Teague, who was a student employee in the sports information department, was just down the hall from the basketball office at North Carolina.

Ellis described a young Teague as driven and focused on the future. And now, Teague calls Ellis his confidant.

“There’s probably no one more networked in college basketball than Mike that’s not a coach,” Teague said. “I lean on him hard, and he has a tremendous impact on what we do.”

After college, Ellis worked as an administrative assistant for USA Basketball’s 1988 Olympic team and took a job at VCU as an assistant coach later that year. He switched to athletics administration in 2003, and Teague joined VCU in 2006.

Ellis spent 24 years at VCU, but shortly after Teague left for Minnesota, so did his partner.

“Norwood’s different than most ADs,” Ellis said. “I wouldn’t have come this far for a guy that I didn’t really believe in.”

Villa 7

A clock sits behind Ellis’ desk at his office in the Bierman Field Athletic Building. The timepiece, carved by his son in a woodshop class, loosely resembles a Nike swoosh. While it may not be perfect, the clock expresses Ellis’ appreciation for the simple things in life.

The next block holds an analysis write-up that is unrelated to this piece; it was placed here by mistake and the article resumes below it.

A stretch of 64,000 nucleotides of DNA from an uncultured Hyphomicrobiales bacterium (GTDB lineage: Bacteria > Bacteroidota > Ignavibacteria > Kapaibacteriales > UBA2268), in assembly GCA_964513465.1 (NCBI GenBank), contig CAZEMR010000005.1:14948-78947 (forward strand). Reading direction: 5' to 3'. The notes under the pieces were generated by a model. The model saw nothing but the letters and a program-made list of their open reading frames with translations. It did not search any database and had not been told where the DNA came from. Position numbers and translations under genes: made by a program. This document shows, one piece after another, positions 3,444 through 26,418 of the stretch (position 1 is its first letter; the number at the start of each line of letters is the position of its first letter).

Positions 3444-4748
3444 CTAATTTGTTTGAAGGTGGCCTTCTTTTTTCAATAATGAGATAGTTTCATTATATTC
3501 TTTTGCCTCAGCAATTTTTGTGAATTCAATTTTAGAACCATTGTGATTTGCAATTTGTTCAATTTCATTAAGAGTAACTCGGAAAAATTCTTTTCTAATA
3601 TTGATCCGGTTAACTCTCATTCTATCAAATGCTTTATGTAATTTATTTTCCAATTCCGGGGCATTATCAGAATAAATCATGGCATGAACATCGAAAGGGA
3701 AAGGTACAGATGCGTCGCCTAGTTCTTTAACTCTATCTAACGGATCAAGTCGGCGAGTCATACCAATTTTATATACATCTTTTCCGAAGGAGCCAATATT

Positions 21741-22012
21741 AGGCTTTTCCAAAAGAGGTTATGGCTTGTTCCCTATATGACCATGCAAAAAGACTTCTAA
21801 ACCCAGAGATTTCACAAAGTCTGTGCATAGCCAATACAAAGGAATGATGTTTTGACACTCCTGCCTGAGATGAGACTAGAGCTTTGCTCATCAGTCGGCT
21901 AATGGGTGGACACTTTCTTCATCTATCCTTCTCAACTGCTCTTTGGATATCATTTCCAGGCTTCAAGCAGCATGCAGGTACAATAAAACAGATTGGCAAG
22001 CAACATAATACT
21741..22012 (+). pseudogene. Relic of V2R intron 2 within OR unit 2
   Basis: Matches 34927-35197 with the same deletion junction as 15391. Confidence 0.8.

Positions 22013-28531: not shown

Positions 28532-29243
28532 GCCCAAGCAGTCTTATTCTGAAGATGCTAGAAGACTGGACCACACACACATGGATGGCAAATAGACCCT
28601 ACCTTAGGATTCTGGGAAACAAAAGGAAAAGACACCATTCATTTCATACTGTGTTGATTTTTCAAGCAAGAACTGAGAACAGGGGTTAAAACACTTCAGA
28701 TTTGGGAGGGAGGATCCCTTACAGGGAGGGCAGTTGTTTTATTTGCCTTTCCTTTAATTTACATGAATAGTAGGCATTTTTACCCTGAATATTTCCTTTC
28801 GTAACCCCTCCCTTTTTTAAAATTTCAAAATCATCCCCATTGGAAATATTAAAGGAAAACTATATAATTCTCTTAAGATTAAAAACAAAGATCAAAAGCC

But the clock exemplifies a contrasting side to the man who once hosted a networking event at an upscale suite in the Mirage Hotel and Casino in Las Vegas.

In 2004, Ellis occupied the Mirage’s Villa No. 7 — equipped with its own putting green and private pool — for what he called a three-hour “glorified networking session.”

Thirty of college basketball’s brightest assistant coaches and about 30 administrators attended, Ellis said.

“I would say that I’m a connector, and I wanted to help people get jobs,” Ellis said of his motivation to start Villa 7. “There were guys out there missing opportunities because people just didn’t know them.”

Those involved raved to Ellis about the event, asking him to do it again.

Every year, the conference expands, focusing not just on networking but also professional development. Head coaches, media members and retired coaches have all attended and held lectures. Trainers have demonstrated different basketball drills.

But perhaps the most influential piece of Villa 7 is its interviewing portion. Ellis and company select 10 assistants they feel are closest to being ready for head coaching gigs, and then they conduct rigorous practice interviews.

With a camera recording, the panelists fire questions at the coaches.

“We go at them. The idea is to create an uncomfortable feeling,” Ellis said. “They’re sweating. … I’ve seen coaches cry in the room.”

This year, the interviewers were Ellis, Teague and Minnesota deputy athletics director Beth Goetz.